Changing Attitudes On Remote Work
While the pandemic did not, arguably, happen overnight, many brick-and-mortar businesses certainly felt that way as local and state orders compelled them to shutter physical offices. Suddenly, the established workflow routine was as disrupted as it could possibly be – and in many cases, resources were hastily inventoried and cobbled together into a network by necessity. Even despite the need, the idea of employees working from home – in some cases a scenario previously offered as an earned reward, or a signing perk – is one that was still nervously embraced initially by businesses across the nation.
Management In The Age Of Remote Teams
The quintessential stroll through the office to peer over shoulders may be an outdated modality in terms of management, but it had a way of reassuring C-suites. True, businesses have had to navigate a variety of questions in light of their new, tech-connected workforce, but those questions have opened and improved both communication and worker satisfaction as an unintended result. Managing remote workers affords leadership more chances to connect, change, and course-correct in the moment.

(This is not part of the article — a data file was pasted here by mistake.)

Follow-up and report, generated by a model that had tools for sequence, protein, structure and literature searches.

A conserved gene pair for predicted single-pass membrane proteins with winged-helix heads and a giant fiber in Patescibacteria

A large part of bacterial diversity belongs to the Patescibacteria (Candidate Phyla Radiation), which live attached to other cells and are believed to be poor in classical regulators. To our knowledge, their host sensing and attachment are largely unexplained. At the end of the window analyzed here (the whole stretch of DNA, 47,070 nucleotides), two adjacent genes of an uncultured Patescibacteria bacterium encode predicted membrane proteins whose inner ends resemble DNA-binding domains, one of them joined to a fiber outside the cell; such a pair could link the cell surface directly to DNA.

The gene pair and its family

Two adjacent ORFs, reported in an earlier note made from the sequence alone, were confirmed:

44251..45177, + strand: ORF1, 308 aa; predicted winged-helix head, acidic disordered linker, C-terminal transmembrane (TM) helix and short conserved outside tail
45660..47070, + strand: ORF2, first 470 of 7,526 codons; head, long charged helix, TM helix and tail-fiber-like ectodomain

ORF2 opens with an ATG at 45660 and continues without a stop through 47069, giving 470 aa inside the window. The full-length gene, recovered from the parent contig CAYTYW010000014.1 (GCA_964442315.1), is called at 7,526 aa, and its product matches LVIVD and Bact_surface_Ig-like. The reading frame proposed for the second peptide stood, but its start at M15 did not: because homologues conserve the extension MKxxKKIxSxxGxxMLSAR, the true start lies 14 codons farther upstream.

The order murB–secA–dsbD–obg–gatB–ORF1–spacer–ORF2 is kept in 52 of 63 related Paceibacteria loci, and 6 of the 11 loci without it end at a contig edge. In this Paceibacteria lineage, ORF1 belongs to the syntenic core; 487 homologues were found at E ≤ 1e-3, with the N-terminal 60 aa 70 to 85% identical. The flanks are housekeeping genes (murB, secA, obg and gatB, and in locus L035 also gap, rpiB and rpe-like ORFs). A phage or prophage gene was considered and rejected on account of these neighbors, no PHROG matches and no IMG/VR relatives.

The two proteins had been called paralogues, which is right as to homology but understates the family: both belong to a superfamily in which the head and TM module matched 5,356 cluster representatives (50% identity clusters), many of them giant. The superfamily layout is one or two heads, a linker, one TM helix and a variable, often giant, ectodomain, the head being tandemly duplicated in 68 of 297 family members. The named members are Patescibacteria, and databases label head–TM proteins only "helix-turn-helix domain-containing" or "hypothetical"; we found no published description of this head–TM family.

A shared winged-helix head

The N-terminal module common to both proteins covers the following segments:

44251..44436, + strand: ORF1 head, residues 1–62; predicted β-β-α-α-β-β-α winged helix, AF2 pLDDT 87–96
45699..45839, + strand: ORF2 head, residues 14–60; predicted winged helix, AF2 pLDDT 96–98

Managers have had a considerably more personal view of their employees as human beings, rather than simply as work personas. With the distance offered by a screen, employees have felt more comfortable discussing ideas and issues they may have hesitated to bring up in a boardroom with dozens of eyes on them. With the ability to record meetings hosted via video chat platforms such as Teams or RingCentral, it’s become easier for managers to spot employees that dominate the conversation (knowingly or unwittingly), potentially drowning out other collaborators. It’s a connection that has worked the other way around as well: employees can also review topics covered in more nuance via recordings, rather than missing points as they struggle to keep notes in real time. This positive change has been recognized by many businesses as they measure productivity working from home.